You can follow Matt’s progress at his blog,

So is there a raison d’etre, a reason to exist, for this trip?

Well, it started from an idea I first had a couple years ago that stuck it’s claws in my brain and kept hanging around. At first it didn’t seem like it was something I could really do. But I started reading about other people who did it and looking into the logistics of it all. Eventually all those reasons to not do it kind of faded away and I thought, “This is something I really could do.”

I was thinking about doing it last year and I didn’t really get everything in order in time. That was probably for the best – it was good to have a full extra year to get it together and make it reality in my head.

At the time I had the idea I’d started doing these long walks around New York and I really started to appreciate all that you can see from traveling at such a slow pace. When you’re moving at three miles an hour you see a lot more of what’s around you. And unlike being in a car you can actually hear and smell things – your more immersed in an area.

When I go on vacation, I never really feel at home in the place that I am, I’m always a visitor. It feels a little different when you’ve walked to a place – it feels like you must be at home. If it’s somewhere that you can walk from where you started, it must be in your neighborhood. And walking is such a natural way to get around. It makes me feel a little bit of ownership of the route that I’ve taken. Each of those roads and those area I pass through, I feel like I own a little bit of. I have a richer sense of what those places are like than someone who just drove there and got out of the car and looked around and left.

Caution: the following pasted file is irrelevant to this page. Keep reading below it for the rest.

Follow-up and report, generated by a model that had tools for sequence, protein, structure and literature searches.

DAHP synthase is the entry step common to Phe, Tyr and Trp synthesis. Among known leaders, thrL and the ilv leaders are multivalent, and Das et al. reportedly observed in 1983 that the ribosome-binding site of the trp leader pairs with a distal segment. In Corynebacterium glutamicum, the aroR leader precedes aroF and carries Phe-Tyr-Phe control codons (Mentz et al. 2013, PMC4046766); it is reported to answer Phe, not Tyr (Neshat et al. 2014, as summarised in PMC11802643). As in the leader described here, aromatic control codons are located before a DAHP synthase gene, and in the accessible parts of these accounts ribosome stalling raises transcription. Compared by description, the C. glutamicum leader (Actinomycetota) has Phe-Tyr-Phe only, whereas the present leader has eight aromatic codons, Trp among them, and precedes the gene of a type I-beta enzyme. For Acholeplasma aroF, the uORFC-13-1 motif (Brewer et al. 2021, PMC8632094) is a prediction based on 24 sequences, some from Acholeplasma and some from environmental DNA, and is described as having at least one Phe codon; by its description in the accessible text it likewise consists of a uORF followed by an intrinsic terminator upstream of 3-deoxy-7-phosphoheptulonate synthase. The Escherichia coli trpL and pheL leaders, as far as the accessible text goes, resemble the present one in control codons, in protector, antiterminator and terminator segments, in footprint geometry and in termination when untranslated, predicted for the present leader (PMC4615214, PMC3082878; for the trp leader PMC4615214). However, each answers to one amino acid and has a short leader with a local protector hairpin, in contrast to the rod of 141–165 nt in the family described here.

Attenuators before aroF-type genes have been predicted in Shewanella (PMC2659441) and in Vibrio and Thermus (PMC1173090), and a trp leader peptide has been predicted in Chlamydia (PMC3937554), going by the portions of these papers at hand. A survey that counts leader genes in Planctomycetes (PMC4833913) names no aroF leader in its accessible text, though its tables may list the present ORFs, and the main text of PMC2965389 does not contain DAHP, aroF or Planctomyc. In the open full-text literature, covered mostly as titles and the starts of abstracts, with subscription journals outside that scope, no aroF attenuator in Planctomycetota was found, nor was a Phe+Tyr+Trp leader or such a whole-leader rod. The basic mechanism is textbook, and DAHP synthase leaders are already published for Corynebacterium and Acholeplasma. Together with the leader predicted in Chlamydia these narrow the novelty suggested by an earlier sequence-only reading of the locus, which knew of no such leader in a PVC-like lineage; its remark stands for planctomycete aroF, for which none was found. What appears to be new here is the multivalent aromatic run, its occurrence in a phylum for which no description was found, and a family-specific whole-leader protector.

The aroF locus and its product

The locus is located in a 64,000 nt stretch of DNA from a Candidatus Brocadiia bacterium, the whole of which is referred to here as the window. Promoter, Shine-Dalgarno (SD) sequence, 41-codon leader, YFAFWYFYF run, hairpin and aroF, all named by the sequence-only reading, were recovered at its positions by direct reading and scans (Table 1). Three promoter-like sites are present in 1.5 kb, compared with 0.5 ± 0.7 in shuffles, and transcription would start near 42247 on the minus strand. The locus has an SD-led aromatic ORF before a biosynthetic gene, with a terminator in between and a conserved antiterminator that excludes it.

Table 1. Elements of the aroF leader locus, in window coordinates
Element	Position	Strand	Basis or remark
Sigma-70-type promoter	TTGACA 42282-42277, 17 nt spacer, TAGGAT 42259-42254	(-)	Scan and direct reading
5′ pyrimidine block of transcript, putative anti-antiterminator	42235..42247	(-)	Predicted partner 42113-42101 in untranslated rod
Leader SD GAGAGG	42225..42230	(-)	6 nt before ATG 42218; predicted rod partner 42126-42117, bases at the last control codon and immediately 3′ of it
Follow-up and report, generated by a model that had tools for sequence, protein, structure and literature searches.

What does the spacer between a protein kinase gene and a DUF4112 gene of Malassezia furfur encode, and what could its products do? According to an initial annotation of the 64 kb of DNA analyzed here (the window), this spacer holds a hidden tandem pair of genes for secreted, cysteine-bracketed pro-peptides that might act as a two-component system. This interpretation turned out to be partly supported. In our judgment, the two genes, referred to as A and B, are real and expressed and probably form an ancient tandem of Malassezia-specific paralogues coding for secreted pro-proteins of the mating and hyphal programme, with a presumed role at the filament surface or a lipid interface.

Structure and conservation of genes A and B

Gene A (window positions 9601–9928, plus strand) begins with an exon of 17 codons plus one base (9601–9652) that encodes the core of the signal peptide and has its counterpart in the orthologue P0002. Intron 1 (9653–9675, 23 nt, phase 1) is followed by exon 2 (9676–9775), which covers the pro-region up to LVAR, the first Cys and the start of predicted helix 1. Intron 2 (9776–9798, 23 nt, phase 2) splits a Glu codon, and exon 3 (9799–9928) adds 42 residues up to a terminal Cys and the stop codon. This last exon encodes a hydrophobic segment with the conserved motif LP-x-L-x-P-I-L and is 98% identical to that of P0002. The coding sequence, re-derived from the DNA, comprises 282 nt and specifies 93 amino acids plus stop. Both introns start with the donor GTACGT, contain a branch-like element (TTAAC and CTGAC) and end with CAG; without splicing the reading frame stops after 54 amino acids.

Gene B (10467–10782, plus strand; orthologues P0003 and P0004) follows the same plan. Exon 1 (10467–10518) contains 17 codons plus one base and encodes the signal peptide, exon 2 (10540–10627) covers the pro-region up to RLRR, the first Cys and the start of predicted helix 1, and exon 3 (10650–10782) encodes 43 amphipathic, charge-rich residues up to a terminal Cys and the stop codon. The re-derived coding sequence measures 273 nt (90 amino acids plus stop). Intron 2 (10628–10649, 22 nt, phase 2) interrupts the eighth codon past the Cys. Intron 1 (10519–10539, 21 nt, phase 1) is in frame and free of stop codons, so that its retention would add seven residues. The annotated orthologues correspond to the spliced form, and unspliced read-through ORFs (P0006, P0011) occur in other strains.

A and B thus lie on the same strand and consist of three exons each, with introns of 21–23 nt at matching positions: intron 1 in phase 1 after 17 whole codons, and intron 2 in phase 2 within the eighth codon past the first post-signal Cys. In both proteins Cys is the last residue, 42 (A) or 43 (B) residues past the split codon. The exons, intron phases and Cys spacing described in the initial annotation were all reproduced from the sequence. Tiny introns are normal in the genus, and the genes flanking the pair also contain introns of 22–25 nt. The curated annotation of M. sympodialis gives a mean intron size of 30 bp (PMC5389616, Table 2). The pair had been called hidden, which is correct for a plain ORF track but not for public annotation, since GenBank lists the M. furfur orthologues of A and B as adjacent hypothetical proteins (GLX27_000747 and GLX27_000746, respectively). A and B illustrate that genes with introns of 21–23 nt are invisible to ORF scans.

How old are you?

29. I’m turning 30 in a few weeks.

And where are you from?

I used to live in Bay Ridge in Brooklyn, but I actually moved out of my apartment about six months before I left on my walk. I just kind of bumped around New York and other places on the East Coast, kind of in preparation for leaving on this trip – not having to move out of my apartment at the last minute and figure out what to do with my stuff. I used it as an opportunity to see people I hadn’t seen in a while.

What were you doing in New York before you left?

I used to be a civil engineer – I designed roads. I did that for about five years. It was a fine job but I wasn’t really satisfied doing it. I didn’t really like being in the office all the time. So I don’t really know what I want to do next, other than be a walking mail carrier. But I don’t think the Post Office is going to be hiring any time soon.